Public will push Rohee out of office- Granger at Buxton police killings monument

WARNING TO THE BLACK FAMILY!

Public will push Rohee out of office- Granger at Buxton police killings monument

Opposition Leader, David Granger on Friday said he was banking on Guyanese to help push Home Affairs Minister, Clement Rohee out of office if President Donald Ramotar ignores a majority-opposition approved no-confidence motion.

Addressing the unveiling of a monument in Buxton honour of 400 people allegedly killed at the hands of police and death squads in recent years, Granger cautioned that the no-confidence motion was not the end of the matter.

“Clement Rohee will be pushed out of office not only by the motion in the National Assembly but public opinion. If he doesn’t go, he’ll be pushed,” said Granger, a retired Brigadier of the Guyana Defence Force.  

The opposition used its one-seat majority to vote a no-confidence in Rohee following the July 18 killing of three protesters during clashes with police at the Mackenzie-Linden bridge.

Granger, who was recently elected leader of the Peoples National Congress Reform (PNCR), recalled that after the 2004 Presidential Commission of Inquiry into alleged state-sponsored killings, then Home Affairs Minister Ronald Gajraj resigned following an outcry from the diplomatic community.

He said if President Donald Ramotar does not want to convene a commission of inquiry into police killings, the National Assembly would do so. Granger suggested that the opposition parliamentary coalition A Partnership for National Unity (APNU) and the Alliance For Change (AFC) would team up to ensure a probe is conducted into police killings in places like Buxton, Agricola, Linden and Georgetown. “You voted for us and we would not let you down.

He flayed the administration for ignoring 164 recommendations by the Disciplined Forces Commission and turning down a British-funded 3 million pounds sterling Security Sector Reform Programme.

Commending fellow villager Morris Wilson for having the “foresight and the courage,” for giving Buxton its second monument, Professor David Hinds urged the gathering to engage in the “final charge against this dictatorship” in the same way that Africans fought against slavery and colonialism.

Hinds emphasised the importance of education and appealed to teachers to slash their lessons fees by 50 percent to help create an “army of educated people” towards the road to freedom.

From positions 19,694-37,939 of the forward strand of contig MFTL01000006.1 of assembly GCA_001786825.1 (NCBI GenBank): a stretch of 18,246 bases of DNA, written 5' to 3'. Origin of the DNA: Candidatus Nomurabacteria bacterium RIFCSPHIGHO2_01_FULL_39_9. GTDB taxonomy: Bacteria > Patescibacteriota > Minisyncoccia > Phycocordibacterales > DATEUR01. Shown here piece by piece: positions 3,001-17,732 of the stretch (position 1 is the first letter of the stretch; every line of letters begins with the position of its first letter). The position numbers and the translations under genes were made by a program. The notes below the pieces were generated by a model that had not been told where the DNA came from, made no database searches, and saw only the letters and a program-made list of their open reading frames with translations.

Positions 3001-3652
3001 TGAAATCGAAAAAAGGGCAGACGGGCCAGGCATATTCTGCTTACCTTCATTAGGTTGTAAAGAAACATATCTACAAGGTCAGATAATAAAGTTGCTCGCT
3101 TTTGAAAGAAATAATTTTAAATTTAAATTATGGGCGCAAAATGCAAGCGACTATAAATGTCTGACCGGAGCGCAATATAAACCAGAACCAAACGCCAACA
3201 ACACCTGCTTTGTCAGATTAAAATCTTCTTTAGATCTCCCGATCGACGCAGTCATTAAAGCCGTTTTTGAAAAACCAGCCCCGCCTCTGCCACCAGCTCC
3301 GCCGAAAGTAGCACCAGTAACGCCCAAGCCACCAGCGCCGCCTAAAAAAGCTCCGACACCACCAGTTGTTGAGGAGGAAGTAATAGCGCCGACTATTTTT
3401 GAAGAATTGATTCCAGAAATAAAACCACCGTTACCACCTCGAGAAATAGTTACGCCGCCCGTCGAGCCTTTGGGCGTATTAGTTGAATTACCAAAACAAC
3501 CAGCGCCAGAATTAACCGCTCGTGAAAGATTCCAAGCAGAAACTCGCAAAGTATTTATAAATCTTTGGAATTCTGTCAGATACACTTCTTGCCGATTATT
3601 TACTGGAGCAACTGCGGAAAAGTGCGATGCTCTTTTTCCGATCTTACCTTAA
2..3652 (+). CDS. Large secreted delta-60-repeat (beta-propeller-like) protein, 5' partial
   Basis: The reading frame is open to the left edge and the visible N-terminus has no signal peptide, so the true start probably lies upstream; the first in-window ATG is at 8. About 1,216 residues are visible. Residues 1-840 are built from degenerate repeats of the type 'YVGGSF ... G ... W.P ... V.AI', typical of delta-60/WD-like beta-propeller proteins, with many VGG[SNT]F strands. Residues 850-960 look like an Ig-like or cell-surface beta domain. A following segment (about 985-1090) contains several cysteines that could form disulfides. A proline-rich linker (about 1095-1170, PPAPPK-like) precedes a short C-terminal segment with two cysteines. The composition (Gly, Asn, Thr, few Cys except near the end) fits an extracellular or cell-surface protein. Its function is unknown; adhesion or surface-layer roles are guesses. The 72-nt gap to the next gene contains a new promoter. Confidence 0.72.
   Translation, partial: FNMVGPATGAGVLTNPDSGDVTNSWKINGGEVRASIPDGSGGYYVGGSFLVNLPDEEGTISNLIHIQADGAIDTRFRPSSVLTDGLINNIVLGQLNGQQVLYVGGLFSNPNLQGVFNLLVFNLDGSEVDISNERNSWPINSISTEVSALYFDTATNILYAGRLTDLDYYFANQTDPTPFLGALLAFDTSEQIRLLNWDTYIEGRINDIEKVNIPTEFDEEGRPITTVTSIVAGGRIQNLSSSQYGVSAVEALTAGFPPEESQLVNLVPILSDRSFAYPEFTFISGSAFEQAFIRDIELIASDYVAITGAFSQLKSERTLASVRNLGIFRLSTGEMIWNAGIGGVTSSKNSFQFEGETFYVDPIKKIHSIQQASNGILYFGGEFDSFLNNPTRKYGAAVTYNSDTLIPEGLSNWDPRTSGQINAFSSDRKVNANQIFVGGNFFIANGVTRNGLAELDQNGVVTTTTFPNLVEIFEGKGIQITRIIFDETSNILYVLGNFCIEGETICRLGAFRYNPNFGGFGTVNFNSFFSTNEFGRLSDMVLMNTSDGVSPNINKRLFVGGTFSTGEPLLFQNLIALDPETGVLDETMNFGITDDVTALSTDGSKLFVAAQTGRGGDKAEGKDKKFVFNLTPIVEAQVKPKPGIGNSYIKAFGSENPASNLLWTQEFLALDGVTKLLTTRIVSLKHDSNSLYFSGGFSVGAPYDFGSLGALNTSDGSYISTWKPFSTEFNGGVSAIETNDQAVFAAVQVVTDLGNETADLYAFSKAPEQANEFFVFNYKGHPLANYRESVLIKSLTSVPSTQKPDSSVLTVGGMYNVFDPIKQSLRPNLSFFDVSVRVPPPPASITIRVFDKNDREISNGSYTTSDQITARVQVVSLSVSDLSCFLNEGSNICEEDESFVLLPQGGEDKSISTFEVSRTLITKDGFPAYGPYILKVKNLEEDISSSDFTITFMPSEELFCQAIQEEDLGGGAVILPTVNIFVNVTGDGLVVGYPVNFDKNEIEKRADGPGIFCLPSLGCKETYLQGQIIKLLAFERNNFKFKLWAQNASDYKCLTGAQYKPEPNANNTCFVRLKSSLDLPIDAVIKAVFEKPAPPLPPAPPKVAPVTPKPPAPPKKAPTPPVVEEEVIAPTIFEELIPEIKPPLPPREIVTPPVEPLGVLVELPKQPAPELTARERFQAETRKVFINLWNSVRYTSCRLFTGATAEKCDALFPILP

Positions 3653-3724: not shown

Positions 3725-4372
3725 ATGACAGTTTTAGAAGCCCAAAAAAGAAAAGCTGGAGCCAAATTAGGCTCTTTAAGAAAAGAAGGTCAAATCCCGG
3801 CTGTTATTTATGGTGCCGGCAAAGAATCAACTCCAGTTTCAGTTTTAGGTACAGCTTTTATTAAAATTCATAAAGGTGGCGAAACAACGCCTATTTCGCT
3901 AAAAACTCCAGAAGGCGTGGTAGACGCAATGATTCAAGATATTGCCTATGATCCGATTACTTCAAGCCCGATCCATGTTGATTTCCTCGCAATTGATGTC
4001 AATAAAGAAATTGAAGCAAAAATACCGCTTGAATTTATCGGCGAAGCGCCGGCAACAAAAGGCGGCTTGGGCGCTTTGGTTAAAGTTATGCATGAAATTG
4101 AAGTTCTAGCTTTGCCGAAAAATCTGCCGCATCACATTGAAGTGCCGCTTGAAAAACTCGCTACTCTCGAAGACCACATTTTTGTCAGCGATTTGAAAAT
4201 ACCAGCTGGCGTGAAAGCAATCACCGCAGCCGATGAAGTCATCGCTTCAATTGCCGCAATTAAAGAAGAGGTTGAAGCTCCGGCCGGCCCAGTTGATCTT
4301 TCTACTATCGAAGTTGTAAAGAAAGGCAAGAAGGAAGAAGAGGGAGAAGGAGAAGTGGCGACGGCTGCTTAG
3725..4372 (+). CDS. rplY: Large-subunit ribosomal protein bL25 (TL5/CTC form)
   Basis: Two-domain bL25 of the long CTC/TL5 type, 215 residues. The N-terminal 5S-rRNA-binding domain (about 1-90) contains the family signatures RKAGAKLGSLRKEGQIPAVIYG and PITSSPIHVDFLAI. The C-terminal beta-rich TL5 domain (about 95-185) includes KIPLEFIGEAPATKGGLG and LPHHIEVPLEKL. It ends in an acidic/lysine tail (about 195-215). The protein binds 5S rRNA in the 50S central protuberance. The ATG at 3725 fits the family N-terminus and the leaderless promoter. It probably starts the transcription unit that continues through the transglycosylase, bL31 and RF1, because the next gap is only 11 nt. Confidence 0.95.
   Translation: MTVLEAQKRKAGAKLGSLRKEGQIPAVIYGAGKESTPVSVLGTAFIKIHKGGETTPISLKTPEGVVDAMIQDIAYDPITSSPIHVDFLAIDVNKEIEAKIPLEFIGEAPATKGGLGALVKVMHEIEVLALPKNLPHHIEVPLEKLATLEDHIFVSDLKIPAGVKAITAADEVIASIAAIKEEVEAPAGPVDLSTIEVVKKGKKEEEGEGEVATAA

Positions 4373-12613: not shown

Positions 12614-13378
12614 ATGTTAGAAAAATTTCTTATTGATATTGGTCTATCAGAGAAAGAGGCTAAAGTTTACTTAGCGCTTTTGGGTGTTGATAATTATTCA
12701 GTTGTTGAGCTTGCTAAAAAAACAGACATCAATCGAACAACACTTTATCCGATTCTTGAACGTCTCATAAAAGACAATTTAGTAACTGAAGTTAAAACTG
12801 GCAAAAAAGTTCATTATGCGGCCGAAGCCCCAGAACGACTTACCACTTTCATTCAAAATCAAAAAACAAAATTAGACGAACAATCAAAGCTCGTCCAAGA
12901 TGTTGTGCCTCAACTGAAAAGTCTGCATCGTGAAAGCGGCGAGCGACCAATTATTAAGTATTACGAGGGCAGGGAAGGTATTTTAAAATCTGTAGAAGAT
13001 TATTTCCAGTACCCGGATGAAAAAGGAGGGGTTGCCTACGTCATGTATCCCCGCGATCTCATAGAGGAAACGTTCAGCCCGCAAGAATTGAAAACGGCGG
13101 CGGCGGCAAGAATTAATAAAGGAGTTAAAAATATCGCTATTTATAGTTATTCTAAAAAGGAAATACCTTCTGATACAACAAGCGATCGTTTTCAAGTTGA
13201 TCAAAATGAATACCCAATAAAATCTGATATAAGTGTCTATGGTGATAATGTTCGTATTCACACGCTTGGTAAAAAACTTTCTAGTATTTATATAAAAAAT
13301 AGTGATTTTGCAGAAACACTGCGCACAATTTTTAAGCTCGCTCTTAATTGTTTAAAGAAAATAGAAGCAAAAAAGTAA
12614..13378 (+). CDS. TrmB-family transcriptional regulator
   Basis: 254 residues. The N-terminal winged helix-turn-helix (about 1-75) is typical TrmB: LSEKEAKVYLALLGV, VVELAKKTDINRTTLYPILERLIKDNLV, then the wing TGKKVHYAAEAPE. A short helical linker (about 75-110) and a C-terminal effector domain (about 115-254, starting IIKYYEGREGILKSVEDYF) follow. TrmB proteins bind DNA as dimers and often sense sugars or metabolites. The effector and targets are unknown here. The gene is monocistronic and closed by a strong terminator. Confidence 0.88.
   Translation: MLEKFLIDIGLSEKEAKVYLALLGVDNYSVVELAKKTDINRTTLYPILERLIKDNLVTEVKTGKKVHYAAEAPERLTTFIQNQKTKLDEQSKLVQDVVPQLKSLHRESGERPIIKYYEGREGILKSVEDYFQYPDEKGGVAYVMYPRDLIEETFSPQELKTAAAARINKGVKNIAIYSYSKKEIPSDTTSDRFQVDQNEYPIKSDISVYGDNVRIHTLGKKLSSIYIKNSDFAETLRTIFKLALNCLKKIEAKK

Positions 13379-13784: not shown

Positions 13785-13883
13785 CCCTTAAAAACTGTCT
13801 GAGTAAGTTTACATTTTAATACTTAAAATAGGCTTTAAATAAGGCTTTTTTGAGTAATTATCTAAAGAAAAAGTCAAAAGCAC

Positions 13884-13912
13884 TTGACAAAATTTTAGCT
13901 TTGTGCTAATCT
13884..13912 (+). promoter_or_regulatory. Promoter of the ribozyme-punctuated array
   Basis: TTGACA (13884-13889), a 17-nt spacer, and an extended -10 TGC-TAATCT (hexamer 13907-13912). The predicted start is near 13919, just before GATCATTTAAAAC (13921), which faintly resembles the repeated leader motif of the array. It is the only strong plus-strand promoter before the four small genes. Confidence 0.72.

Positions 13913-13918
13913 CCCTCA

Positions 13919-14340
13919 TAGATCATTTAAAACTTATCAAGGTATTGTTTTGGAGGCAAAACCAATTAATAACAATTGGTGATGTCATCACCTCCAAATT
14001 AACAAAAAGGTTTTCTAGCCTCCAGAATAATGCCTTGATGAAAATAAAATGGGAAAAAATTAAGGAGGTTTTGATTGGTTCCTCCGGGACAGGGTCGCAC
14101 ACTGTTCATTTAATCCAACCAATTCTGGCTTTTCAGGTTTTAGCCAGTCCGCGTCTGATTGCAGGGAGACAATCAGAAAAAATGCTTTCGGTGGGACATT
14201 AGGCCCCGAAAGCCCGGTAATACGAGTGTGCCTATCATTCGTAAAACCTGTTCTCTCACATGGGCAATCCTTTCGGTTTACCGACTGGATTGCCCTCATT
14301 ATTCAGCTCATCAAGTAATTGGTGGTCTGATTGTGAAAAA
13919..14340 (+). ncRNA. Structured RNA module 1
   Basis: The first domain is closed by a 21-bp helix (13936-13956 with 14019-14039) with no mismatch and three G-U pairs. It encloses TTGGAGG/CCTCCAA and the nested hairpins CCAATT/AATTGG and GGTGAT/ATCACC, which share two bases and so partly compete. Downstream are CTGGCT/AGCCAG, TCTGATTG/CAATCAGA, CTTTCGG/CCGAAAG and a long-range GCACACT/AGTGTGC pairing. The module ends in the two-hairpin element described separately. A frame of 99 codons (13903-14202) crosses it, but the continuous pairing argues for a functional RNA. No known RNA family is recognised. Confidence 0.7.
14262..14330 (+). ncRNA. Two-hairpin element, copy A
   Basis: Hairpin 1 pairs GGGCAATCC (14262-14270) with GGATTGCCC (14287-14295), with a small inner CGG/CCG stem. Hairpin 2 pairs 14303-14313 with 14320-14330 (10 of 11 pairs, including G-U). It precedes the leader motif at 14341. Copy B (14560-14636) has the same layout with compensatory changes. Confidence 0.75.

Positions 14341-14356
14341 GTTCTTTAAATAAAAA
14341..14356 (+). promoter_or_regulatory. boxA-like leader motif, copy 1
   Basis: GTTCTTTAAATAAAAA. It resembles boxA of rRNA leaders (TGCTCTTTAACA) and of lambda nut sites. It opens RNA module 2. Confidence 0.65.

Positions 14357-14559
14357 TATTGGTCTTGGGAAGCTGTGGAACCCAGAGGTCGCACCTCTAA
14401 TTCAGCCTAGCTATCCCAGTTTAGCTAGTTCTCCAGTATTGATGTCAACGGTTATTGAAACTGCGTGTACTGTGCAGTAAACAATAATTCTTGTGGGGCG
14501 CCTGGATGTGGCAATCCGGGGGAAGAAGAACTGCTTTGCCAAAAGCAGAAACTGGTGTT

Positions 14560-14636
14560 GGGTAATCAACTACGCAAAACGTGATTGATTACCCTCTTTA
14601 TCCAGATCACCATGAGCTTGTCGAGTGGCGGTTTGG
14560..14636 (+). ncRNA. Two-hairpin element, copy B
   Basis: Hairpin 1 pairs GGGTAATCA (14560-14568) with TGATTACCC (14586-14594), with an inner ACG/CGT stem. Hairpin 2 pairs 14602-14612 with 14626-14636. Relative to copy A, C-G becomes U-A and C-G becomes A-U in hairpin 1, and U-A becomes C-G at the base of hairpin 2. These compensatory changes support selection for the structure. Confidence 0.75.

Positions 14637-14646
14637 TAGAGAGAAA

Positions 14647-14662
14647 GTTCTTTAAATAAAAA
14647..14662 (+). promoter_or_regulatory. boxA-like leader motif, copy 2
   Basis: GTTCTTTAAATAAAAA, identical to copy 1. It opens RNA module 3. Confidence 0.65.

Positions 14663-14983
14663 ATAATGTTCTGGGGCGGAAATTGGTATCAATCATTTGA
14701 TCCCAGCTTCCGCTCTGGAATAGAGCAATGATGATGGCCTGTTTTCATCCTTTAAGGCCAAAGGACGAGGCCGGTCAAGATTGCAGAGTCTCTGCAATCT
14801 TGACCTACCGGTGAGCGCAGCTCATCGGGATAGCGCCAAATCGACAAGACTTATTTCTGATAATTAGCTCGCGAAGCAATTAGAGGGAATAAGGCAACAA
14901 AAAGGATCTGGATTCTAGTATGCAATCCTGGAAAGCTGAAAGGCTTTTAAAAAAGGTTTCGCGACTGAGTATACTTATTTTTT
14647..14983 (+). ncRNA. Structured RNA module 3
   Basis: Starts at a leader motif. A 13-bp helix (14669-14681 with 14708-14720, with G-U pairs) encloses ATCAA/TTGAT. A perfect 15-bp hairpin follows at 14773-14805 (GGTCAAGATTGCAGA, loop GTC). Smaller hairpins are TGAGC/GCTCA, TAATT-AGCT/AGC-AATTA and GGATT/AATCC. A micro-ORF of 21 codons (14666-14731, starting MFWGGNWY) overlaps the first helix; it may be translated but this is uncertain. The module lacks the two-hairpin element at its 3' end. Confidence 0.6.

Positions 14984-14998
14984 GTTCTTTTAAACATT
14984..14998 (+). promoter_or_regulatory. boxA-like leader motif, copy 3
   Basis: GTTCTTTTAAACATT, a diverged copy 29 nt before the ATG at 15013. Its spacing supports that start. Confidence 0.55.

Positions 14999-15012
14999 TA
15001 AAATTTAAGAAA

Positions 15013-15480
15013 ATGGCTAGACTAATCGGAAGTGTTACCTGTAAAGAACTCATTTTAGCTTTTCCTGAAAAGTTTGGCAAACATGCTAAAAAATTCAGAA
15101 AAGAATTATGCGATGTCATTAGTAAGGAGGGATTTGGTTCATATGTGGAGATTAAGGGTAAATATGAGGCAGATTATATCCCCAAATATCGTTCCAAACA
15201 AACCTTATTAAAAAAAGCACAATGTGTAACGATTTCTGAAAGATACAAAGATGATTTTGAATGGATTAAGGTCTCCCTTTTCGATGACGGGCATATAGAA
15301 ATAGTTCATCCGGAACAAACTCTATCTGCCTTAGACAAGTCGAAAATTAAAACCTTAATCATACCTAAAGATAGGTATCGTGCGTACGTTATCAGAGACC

“Those of you who give lessons, I understand but I want to challenge you when the new term begins to cut your lessons fee by half. It’s the practical thing that you can do because if you cut it in half you are assured of two times the number of young people who can benefit from your lessons,” he said.

AFC Executive Member, Nigel Hughes, in his address, urged a unified approach by all Guyanese to secure constitutional reform that would ensure that all Guyanese are involved in decision-making.

“We cannot have a system that will continue to give a minority a hundred percent of power and if we decide to go to another election under the system that continues to exclude us, we will have nobody else but ourselves to blame,” said Hughes.

Hughes public statement appears to be the first forceful public statement by his party that it supports some form of power sharing.

Hughes’ name is being touted in some circles as one of the top two AFC running mates for the next general elections. He is making increasing public appearances in mainly African Guyanese communities while former long-serving Peoples Progressive Party (PPP) executive member, Moses Nagamootoo has been working the sugar belt and other agricultural areas predominantly populated by East Indo Guyanese.

The monument which is located opposite Tipperary Hall at Buxton Middle Walk is the brainchild of Buxtonian, Morris Wilson. According to him, he wanted to dramatize in a lasting manner the scourge of extrajudicial killings over the last two decades and also to properly honour the victims, most of whom perished between 2002 and 2006.
The unveiling of the monument was fast-tracked in the wake of the recent shootings in Linden, which claimed the lives of three residents.

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